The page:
30 Apr 2009
My name’s Dave Earl and, as reported in my last post, I’ve been busy researching the museum’s collection of naval small arms.One of the attractions of this project has been following the lives and careers of the seamen who owned used the objects I’ve been examining. Scattered amongst drier details of calibres, dates, and manufacturers are stories, details of past lives.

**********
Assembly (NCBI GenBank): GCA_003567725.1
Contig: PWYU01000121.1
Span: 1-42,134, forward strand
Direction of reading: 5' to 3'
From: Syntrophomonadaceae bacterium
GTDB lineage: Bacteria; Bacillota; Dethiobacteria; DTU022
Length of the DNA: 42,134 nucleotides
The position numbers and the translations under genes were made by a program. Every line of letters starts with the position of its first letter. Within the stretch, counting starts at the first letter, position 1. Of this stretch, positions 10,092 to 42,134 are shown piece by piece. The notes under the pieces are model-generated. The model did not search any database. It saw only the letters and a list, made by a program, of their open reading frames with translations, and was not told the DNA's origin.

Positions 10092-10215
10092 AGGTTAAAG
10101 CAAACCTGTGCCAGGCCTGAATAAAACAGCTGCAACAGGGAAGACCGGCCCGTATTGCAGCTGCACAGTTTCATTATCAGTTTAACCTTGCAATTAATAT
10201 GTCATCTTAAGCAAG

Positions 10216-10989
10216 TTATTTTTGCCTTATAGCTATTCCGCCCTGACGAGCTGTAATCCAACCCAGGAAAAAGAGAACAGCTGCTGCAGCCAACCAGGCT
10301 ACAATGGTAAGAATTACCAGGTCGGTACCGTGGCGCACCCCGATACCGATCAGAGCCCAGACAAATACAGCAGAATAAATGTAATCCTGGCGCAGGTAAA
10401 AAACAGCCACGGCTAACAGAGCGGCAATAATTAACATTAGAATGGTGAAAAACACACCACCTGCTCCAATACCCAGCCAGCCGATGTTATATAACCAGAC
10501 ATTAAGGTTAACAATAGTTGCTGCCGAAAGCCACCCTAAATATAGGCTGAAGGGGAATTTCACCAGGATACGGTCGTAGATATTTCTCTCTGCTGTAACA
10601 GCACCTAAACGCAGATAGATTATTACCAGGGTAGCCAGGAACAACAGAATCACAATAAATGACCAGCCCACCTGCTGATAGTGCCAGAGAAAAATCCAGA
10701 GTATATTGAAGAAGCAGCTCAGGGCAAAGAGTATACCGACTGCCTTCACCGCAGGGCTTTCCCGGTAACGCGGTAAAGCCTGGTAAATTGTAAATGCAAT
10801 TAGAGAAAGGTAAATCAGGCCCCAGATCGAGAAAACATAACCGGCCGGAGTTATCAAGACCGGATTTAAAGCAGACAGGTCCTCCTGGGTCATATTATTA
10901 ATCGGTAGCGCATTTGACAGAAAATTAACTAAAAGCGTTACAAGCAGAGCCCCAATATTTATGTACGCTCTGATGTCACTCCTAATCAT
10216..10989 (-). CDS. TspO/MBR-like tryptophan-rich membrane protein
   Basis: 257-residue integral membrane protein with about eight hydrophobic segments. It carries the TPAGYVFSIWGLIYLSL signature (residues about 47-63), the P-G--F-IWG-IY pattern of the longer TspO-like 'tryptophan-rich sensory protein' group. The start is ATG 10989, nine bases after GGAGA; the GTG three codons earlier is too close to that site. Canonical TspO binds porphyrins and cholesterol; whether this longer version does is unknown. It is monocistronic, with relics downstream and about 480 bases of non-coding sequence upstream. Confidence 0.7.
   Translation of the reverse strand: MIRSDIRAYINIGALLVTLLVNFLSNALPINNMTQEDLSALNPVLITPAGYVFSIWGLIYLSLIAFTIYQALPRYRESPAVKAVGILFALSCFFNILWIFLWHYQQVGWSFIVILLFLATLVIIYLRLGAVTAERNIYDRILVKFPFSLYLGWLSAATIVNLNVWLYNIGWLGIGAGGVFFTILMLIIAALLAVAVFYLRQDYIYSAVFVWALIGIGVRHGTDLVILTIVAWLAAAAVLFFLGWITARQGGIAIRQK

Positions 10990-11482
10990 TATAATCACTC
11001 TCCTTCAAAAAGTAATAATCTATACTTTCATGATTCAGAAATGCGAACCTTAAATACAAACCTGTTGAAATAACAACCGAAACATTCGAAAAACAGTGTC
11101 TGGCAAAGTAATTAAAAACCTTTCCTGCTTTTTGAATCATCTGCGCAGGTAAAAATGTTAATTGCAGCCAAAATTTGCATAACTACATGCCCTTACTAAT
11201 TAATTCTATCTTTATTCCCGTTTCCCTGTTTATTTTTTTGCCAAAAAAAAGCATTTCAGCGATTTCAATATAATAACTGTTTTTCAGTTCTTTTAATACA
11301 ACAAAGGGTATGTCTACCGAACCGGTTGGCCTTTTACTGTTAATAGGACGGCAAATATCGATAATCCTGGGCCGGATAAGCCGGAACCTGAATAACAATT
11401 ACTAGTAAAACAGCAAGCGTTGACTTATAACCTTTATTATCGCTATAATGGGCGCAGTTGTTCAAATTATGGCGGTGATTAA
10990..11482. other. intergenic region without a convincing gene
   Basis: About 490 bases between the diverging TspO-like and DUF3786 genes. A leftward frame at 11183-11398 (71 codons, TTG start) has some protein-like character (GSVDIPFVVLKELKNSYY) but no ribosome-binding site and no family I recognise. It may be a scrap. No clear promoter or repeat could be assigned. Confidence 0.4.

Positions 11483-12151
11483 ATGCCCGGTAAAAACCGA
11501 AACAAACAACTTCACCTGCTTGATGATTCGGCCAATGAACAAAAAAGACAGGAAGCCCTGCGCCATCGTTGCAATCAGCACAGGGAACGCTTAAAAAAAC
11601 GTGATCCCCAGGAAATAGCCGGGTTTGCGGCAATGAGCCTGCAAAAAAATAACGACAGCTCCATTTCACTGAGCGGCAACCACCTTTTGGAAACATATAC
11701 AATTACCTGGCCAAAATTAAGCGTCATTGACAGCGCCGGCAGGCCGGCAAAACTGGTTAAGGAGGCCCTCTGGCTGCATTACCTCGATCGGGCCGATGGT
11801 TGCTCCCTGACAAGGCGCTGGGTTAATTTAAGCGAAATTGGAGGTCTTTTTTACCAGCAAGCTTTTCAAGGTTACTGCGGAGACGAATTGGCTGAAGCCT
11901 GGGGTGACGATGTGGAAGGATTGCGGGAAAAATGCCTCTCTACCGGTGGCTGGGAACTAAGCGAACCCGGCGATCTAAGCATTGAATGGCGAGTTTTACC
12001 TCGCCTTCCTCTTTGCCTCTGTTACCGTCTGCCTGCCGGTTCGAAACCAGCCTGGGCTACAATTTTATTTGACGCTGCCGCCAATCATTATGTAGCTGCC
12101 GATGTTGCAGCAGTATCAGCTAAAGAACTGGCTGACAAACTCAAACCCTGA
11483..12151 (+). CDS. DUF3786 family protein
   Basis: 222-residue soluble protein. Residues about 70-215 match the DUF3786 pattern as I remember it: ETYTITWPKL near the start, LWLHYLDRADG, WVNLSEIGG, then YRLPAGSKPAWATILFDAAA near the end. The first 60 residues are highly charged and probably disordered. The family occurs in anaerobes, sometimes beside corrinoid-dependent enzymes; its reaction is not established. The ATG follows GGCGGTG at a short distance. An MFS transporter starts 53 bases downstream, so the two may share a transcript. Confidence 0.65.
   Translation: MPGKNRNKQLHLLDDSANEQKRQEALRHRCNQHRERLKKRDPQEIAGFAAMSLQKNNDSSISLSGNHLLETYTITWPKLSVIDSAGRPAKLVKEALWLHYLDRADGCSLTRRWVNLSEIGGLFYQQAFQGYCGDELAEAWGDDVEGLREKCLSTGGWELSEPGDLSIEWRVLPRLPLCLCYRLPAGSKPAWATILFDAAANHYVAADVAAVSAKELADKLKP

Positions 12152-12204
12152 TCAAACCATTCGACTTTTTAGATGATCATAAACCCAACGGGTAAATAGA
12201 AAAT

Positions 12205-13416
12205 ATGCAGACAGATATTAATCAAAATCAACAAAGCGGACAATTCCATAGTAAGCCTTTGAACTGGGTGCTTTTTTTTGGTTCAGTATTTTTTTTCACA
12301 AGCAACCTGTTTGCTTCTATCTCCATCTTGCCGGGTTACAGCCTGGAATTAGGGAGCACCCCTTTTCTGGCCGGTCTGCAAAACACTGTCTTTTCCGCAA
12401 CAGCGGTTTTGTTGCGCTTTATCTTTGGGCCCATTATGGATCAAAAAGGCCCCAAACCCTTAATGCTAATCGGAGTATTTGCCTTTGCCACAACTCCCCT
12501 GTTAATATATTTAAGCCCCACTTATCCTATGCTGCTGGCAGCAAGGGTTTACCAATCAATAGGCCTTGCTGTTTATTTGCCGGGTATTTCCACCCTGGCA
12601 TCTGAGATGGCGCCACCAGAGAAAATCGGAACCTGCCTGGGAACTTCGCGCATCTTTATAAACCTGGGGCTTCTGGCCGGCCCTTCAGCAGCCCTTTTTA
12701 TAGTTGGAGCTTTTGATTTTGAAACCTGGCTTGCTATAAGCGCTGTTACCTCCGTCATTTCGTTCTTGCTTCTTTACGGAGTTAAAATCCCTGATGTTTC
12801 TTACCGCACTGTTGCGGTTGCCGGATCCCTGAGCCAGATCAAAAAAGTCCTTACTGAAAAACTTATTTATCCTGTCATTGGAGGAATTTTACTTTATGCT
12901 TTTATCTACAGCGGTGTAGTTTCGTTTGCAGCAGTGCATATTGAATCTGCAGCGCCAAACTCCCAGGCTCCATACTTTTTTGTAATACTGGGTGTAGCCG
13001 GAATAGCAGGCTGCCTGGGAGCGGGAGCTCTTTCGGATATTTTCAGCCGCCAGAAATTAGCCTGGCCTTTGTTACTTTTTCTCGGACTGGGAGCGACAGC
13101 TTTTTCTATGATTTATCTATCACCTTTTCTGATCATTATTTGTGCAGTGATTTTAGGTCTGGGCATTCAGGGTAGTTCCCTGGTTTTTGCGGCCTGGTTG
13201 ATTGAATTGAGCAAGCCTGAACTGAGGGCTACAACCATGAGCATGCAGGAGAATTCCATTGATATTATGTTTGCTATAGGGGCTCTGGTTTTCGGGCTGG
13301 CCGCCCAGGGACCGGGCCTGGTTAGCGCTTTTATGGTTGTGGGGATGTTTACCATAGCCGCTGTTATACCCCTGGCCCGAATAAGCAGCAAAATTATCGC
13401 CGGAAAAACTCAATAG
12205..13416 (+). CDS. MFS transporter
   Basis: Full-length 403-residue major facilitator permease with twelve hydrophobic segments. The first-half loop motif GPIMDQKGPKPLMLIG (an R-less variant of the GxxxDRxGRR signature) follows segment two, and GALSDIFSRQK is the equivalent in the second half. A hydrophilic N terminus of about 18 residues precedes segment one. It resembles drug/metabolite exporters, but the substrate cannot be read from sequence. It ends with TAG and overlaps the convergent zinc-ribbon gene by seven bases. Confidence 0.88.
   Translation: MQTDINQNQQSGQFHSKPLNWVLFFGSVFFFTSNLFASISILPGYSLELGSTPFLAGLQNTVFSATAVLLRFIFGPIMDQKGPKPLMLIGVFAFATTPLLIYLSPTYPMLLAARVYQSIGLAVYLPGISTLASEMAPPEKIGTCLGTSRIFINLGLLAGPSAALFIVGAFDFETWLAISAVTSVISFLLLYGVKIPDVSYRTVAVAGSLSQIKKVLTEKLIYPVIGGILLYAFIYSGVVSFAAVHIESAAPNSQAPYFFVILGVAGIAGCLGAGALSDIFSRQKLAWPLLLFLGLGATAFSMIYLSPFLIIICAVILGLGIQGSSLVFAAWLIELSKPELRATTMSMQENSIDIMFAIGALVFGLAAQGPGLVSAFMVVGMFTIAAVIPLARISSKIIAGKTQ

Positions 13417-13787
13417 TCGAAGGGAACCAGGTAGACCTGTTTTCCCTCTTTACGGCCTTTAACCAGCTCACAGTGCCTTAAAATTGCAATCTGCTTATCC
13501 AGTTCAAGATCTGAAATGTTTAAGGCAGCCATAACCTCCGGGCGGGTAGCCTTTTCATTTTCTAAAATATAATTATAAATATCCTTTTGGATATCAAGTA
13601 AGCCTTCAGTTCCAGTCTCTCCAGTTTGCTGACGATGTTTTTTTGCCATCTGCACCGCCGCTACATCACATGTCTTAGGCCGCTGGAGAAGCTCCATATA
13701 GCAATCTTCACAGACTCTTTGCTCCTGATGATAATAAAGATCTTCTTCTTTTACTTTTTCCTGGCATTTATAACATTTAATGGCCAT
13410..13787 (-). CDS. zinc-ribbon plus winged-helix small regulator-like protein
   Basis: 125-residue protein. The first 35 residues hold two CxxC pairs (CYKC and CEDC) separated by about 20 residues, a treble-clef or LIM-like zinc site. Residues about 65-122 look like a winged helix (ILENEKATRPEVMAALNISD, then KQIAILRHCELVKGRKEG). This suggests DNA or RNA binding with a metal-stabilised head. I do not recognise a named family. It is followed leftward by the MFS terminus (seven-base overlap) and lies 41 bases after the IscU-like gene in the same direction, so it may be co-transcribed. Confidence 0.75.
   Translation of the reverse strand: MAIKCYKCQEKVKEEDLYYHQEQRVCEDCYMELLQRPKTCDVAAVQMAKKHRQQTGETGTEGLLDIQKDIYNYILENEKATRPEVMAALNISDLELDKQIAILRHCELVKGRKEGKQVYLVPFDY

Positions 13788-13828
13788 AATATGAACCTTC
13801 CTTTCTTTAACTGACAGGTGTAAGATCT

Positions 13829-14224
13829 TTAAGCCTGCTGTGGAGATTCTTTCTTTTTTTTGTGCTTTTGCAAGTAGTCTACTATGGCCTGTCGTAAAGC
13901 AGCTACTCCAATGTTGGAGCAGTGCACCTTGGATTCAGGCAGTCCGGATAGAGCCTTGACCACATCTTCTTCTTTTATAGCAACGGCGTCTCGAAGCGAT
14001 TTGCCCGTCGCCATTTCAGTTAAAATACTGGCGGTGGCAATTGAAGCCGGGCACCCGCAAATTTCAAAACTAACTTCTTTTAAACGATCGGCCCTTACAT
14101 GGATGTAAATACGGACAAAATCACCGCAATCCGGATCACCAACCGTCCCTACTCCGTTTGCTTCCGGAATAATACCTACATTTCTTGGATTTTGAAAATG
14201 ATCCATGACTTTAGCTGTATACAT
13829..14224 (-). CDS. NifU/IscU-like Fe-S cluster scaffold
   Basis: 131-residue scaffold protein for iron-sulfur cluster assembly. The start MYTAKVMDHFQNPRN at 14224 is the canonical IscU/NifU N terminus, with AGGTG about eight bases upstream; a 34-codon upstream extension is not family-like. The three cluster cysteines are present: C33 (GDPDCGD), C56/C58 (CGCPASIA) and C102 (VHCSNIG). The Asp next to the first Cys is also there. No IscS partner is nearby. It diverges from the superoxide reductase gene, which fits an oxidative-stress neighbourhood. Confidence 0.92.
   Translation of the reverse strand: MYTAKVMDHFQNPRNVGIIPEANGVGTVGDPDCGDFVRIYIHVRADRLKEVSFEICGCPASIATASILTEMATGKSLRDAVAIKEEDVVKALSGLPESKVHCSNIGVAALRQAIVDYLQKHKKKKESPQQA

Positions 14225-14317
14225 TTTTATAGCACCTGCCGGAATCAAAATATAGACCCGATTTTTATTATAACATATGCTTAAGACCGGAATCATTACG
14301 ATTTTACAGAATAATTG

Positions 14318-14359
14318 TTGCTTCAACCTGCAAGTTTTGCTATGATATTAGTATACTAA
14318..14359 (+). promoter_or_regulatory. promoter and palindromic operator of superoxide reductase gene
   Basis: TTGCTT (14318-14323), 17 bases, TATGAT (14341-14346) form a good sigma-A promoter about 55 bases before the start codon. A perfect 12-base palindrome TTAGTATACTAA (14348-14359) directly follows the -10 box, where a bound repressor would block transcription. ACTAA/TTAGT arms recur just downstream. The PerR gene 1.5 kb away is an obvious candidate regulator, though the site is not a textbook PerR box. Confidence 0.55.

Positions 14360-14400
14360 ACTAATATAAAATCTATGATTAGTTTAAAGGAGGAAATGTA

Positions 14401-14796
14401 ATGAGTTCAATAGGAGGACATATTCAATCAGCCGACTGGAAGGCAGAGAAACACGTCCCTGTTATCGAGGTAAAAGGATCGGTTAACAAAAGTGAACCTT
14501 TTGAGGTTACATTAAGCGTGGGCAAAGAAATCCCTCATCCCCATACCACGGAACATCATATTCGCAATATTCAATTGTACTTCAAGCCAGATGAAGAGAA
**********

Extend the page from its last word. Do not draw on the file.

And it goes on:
One interesting example is found in the service records of Lieutenant Commander Thomas Edward Mullins. Mullins served as a Sick Berth Steward on the HMAS Sydney (I) when it engaged with the German light cruiser SMS Emden in November 1914. During and after this battle, Australia’s first as a federated nation, Mullins “constantly attended [the] sick and wounded uninterruptedly for 6 days, including terribly severe cases which were received from SMS Emden.” As a result of his actions, Mullins was awarded the Distinguished Service Medal, one of only 17 issued to Australians during the First World War.